Here's what I got out of the article
-Paleos accuse Key's of cherry-picking
-Even without the cherry-picking, his data stil supports his conclusion
-Here are a list of problems with that conclusion
-So there are problems, but there is also a point to the evidence. Life's not so simple.
Which is how I feel. Life's not so simple, saturated fat can probably range from harmless and even healthy, to unhealthy. We simply don't know yet, and it would be hubris to recommend slathering everything with butter just because you can. Read that very carefully: no reason to be afraid of butter/saturated fats, but that doesn't mean you should go too far in the other direction.
If I had to guess how this will all turn out, I would probably guess that saturated fats will be shown to have deleterious health effects, sometimes. I think that this certainly won't hold true in every situations. For example, saturated fats don't change HDL/LDL in trained cyclists (there's a study) as long as they're in energy balance. So I expect, leanness, activity, energy balance (losing weight is heart-protective), amount consumed (poison's in the dose), and genetics to all play a role in determining the health of saturated fats.
To whom it may concern: As I write this, I'm drinking whole milk.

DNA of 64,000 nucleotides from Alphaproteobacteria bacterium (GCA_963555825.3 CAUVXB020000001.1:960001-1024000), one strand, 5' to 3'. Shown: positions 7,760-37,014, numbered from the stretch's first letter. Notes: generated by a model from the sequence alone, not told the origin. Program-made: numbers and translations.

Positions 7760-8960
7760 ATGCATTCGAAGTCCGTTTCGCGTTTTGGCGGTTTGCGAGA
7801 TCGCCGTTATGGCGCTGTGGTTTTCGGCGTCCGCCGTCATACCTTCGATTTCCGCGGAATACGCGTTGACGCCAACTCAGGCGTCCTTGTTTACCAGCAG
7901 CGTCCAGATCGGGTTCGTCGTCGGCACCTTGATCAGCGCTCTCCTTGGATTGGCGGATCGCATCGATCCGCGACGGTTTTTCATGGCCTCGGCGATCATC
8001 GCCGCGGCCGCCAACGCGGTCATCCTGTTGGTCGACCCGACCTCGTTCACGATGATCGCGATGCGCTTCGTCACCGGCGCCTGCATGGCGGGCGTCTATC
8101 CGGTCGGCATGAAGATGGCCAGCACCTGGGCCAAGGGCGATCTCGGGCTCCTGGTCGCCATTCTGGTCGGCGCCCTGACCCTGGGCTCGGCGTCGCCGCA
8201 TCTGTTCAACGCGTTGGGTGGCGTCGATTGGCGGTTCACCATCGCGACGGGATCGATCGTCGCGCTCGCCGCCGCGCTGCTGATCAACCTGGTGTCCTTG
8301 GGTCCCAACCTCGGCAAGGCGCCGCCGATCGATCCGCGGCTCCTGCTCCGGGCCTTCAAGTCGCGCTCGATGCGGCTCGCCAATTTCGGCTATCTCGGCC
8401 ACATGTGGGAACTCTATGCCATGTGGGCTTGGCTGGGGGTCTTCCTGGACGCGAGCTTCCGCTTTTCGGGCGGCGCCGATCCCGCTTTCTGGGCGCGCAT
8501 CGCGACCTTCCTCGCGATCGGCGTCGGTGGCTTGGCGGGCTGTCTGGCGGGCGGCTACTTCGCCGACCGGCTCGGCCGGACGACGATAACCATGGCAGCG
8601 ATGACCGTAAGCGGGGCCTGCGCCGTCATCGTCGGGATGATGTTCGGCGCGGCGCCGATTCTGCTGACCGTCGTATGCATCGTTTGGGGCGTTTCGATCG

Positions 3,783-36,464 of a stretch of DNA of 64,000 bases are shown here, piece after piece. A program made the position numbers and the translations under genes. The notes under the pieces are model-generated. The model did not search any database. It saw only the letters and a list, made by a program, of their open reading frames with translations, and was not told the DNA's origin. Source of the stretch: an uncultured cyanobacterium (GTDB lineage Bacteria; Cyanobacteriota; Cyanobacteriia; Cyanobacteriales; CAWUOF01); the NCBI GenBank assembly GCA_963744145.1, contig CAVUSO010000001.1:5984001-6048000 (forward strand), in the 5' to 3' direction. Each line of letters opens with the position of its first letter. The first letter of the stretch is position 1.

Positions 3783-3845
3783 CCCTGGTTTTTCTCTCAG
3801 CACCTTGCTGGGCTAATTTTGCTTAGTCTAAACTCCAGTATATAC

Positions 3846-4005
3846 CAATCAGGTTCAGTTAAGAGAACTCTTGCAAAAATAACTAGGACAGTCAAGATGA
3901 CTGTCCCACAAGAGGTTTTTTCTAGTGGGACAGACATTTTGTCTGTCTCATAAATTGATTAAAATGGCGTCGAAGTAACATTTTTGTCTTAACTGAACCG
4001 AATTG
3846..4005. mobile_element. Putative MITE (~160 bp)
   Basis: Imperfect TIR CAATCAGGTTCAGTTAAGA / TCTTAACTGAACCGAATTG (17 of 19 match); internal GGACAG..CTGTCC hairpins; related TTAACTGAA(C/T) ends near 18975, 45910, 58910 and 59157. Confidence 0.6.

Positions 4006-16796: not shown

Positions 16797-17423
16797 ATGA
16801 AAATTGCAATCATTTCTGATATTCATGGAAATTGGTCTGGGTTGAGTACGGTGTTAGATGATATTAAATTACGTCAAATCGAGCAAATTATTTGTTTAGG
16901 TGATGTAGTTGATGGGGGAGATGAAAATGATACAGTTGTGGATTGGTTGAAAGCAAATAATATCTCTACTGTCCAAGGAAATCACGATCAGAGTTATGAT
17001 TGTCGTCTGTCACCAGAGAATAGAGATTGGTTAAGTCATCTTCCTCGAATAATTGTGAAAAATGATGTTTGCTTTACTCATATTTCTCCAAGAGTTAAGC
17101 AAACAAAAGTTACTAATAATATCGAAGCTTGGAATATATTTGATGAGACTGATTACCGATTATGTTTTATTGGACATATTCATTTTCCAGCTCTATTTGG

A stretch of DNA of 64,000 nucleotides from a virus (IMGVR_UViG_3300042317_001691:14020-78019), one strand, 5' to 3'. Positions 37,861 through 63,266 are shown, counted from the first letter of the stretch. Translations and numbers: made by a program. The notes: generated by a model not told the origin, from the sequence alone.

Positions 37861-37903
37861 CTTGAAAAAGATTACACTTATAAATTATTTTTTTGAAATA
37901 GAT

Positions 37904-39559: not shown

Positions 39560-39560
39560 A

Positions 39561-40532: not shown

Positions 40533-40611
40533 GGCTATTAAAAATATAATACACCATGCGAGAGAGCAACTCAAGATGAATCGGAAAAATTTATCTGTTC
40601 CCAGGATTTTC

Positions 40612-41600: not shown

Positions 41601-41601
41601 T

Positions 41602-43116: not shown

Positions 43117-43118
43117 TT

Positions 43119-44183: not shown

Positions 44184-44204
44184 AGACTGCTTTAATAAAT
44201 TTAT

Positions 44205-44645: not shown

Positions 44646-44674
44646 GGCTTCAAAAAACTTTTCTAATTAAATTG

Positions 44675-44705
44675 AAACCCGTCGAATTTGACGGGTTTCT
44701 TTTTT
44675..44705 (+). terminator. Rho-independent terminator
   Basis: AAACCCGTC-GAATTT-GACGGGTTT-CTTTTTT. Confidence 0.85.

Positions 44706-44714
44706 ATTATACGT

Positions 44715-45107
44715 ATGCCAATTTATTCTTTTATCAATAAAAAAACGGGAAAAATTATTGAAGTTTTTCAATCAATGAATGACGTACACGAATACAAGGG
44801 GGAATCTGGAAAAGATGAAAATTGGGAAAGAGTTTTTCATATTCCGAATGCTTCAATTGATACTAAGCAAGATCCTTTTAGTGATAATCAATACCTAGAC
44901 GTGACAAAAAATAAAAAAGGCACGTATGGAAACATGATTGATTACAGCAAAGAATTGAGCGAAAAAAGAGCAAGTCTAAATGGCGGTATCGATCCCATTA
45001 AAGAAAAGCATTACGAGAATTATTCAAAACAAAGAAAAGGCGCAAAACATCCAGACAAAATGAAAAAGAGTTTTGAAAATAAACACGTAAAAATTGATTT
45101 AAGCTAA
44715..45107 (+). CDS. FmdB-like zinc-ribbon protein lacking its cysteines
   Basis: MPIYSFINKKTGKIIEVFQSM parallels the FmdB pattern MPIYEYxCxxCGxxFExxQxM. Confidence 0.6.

No, she's not saying Keys is right. The first part of the article may seem confusing because she brings up anti-Paleo arguments of why Keys was NOT wrong with his cherry-picking because there's still a correlation when using all 22 countries. The rest of the article proceeds to provide counter-arguments for this. So, it's like you posited: she's only saying his data is unreliable but not for the reasons we have previously believed. She made a big point about using food/fat that was available rather than what was actually consumed (which tends to be overestimated, as she puts it, in developed countries). She also points out faulty medical filing; if someone died of heart disease but it was filed under non-cardiac related deaths, that would appear to make it look like that country has an overall low rate of deaths from heart disease.
But then again, she is a raw-foodist, so maybe I don't really know what point she's trying to make....
Still a nicely written article.
From what I understand, it's impossible to draw any conclusions from the data because there are too many cofounding factors, such as level of advancement/technology, diagnostic procedures etc etc (ie: countries that have a lot of meat available tend also to be more advanced societies, more economically stable, have better methods of diagnosis and so on and so forth). Also, the data showed how much of each type of food was available for consumption - not how much was actually consumed by actual people.
Also, correlation was there for heart related deaths, but not for non-heart related deaths... basically, you can't draw any conclusions from the data at all.
Gotta love Denise! She is so GOOD at this stuff.